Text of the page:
Are You Afraid to Squat?

Functional Aging

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Your Personal Best Training Studio
Doddridge Plaza
3765 S. Alameda, Ste 102
Corpus Christi, TX 78411
(361) 857-5087
  1. Are You Afraid to Squat?


    I amsquat often told, “Squatting hurts my knees” and yet, we can’t avoid this fundamental human movement. Think of how many times you do these movements during the day.

    • Get up from a chair, couch or the potty
    • Pick something up off the ground
    • Get out of a car
    • Get out of bedBeing able to do this motion is quite important for quality of life and independence as you age. This is why I regularly have my clients’ practice squatting. When done repeatedly, it’s a great strengthening exercise that uses the larger muscles in the legs.

    Aging client is practicing squatting facing the wall. Sometimes I put a chair behind the person if they feel that they might go backward. This awkward way to squat REALLY takes care of the knees and teaches the person to push their rear end back keeping the knees in proper alignment over their toes.

    Listed below are a few other common mistakes people make when squatting:

    Common Squatting Mistakes Explained

    Bringing Knees Together

    Knees should line up between the hip and foot when viewed from the front. As you start moving upward, try not to let your knees come together

    Favoring One Leg
    Try not to shift your weight when you are squatting. You should feel like you have equal pressure on both feet and feel the muscles of both legs doing an equal amount of work.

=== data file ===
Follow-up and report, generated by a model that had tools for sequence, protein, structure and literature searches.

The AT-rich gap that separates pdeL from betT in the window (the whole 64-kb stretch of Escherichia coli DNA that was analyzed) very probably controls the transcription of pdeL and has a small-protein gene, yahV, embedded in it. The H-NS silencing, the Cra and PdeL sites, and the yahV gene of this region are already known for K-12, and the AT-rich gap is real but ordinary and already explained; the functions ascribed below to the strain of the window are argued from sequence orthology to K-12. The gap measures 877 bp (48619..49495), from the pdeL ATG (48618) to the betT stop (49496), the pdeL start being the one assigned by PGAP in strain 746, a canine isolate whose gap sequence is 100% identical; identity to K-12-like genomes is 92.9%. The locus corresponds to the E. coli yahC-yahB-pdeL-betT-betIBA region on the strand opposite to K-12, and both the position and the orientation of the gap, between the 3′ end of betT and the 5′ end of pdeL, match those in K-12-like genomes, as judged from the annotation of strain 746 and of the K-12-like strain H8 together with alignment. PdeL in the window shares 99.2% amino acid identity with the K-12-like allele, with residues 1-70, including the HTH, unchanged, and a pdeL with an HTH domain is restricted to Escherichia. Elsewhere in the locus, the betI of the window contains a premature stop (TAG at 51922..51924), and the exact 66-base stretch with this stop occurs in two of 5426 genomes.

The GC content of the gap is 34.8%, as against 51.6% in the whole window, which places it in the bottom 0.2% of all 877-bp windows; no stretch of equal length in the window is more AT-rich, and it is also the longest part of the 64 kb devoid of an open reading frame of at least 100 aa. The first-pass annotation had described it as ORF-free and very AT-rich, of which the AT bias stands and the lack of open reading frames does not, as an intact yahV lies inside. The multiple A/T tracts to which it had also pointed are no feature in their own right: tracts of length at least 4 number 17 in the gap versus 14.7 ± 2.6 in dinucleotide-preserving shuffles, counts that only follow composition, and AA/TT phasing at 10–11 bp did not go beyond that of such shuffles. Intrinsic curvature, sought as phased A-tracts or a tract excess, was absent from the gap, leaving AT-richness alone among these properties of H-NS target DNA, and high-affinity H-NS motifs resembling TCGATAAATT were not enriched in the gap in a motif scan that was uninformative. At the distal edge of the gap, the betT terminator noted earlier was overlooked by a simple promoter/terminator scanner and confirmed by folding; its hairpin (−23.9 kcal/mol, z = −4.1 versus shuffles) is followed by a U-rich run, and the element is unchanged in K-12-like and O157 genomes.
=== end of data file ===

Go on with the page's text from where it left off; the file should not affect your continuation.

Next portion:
Many of you have had an injury or surgery on a hip, knee, or ankle. While the bad leg was healing, you shifted more of the workload onto the good leg. Unfortunately, this pattern became so ingrained that you continue to squat this way even after your injured leg has healed.

    If you continue to do this, you’re always going to have one leg that’s weaker.

    Looking at the Floor
    I tell my clients, “You are going to GO the direction you are looking!”

    When getting out of a chair, pick a spot out in front of you that is about four or five feet high and fix your eyes on it as you get up. Looking forward in this manner will ensure that your head is up and your body goes the direction you intended.

    Feet Too Close Together
    Wider legs are more stable. Get your feet at least ten inches apart before you try to stand up. This is a simple fix and will result in much greater stability.

    Plopping Down
    When you are squatting for exercise, remember that you are strengthening your muscles both on the way up as you move against gravity, and on the way down, as you try to control your descent. Gravity wants to pull you down into that chair and make you PLOP.

    Other Tips
    You may already be too weak in the legs to do the squat correctly from a chair. You can still improve your leg strength over time. Try the squat from your bed; it may be higher than most chairs.

    Action Plan
    To strengthen your legs using the squat, you can do 1 or 2 sets of 8-15 squats 2 or 3 times per week. Become aware of your squat form every time you get up from that chair!

    Yours in Health and Fitness,

    Lisa Wright – ISSA Fitness Professional
    Your Personal Best Training Studio
    Owner/Director of Operations


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  2. Gardening Workout

    Click on image for gardening workout!

    Spring is Here!

    The best part of spring? Gardening! Get your garden ready and workout at the same time! Simple gardening like raking, fertilizing, weeding  and mowing can all give you a workout.

    This Spring-Workout shows you three different levels of activities! What are you waiting for? The weather is perfect to get your gardening workout on.